OranMor, Top of Byres Road, G12 8QX
Doors open 7 p.m. Show starts 8 p.m.
Directed by Martin McCardie
Musical Director Dave Anderson
Get ready to roar for the golden anniversary of the finest silver ever lifted. If you know the history … don’t just remember it, relive it…
In May 1967, 10,000 of the greatest supporters in the world embarked on the most important crusade since the quest for the Holy Grail. They hailed from Scotland, Ireland, and every corner of the globe. Most were Celtic daft. Some were just plain daft.
The Celticade stretched from the Campsie Fells to the Pyrenees, rolling like a green carpet across Europe. Those who couldn’t afford the plane travelled on slow boats and long-distance lorries, in battered vans and buses,on rusty bikes and blistered feet, in used cars and trains that never ran on time.
The fans lived on borrowed time and borrowed money, arriving in Lisbon with a fistful of escudos and a heartful of hope. They were married to Celtic and pregnant with passion. The club was their kith and kin, their neighbour, their best friend, their ticket to immortality. They came clutching floodlit memories. They came over broken glass and stones, walking on water and living on a prayer. They came in search of paradise, and found it in Portugal.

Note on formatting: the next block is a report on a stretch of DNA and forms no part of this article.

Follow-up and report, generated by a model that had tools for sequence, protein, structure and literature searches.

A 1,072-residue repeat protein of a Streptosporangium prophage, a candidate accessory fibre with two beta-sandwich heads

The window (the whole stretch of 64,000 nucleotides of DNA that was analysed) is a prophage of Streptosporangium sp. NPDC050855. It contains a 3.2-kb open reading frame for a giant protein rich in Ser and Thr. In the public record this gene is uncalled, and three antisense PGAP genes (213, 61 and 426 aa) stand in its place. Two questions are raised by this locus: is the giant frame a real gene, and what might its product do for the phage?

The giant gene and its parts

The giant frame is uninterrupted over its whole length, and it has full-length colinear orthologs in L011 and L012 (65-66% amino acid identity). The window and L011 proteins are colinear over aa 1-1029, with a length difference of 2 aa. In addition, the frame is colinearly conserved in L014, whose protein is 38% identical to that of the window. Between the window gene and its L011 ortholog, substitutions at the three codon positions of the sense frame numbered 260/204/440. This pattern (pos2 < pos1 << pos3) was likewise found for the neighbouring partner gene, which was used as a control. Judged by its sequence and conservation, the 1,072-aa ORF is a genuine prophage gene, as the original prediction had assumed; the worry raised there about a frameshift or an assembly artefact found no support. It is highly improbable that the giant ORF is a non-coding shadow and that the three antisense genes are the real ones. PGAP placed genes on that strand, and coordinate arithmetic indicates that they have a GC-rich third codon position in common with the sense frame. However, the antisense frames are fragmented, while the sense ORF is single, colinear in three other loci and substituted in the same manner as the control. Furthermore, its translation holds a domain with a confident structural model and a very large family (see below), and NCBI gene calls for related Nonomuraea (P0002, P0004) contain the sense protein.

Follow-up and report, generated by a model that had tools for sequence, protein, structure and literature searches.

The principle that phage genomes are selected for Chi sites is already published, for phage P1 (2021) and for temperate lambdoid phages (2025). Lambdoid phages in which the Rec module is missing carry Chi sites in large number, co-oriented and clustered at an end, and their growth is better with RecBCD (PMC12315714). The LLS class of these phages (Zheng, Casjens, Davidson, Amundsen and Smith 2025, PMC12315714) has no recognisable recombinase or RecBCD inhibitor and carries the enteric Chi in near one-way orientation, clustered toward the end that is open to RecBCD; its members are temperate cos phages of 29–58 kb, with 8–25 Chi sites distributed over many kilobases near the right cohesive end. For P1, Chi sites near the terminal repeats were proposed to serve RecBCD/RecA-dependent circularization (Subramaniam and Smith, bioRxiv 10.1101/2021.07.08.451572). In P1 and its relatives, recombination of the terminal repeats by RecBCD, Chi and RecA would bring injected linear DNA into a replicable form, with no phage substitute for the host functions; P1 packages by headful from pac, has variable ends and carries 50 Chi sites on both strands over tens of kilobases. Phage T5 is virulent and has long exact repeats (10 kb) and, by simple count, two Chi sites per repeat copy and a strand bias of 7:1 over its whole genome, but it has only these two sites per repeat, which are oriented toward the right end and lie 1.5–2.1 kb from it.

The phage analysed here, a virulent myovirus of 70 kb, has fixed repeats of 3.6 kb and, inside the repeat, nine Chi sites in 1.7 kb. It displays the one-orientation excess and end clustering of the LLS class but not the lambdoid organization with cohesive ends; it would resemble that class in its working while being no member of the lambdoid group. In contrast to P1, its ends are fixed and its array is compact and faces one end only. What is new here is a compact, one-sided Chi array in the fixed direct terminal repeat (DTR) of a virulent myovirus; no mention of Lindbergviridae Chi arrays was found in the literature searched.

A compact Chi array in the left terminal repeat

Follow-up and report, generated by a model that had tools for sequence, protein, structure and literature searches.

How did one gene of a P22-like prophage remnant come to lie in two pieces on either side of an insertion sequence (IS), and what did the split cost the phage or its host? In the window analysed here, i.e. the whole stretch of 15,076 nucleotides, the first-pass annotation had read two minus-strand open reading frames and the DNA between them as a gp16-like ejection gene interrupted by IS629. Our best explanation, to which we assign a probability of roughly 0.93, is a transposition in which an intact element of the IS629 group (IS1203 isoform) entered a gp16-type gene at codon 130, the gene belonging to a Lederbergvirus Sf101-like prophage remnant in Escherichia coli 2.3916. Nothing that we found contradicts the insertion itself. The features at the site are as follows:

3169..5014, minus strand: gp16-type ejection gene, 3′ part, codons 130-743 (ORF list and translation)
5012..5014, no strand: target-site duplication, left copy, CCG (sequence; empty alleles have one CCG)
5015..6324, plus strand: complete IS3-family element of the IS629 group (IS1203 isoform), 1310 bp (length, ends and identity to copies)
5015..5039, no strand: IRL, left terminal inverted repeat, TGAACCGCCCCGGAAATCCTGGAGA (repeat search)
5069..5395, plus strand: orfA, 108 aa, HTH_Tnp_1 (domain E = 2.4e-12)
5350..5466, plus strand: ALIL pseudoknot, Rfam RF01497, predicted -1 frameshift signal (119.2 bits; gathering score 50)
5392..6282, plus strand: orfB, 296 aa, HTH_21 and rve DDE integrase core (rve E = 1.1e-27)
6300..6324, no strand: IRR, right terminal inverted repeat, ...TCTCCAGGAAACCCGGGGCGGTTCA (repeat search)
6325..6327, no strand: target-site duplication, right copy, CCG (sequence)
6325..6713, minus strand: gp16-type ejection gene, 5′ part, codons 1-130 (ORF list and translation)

A full cast of ten, plus live band, recreate the humour, passion and occasional calamity that accompanied a Glasgow & District XI showing Europe’s finest how the beautiful game should be played.
08444 771 000
Revived, adapted, updated and directed by multi-award winning Martin McCardie, the production marks the 50th anniversary of the event, originally written and performed in 1992 to mark the 25th anniversary “The Lions of Lisbon” played to more than 15,000 with extended runs at the Tron and Pavilion. Some of the original cast from ’92, including River City’s Frank Gallagher will be in the cast. Dave Anderson (7:84, Wildcat) is MD as well as acting in the piece. Bruce Morton “The Godfather of Scottish Stand-Up” also appears.
'The recent death of Tommy Gemmell, who scored the equalising goal in the Lisbon final, and the revelation that Billy McNeill is battling dementia, have given the production an unwelcome but
inevitable poignancy.' Daily Record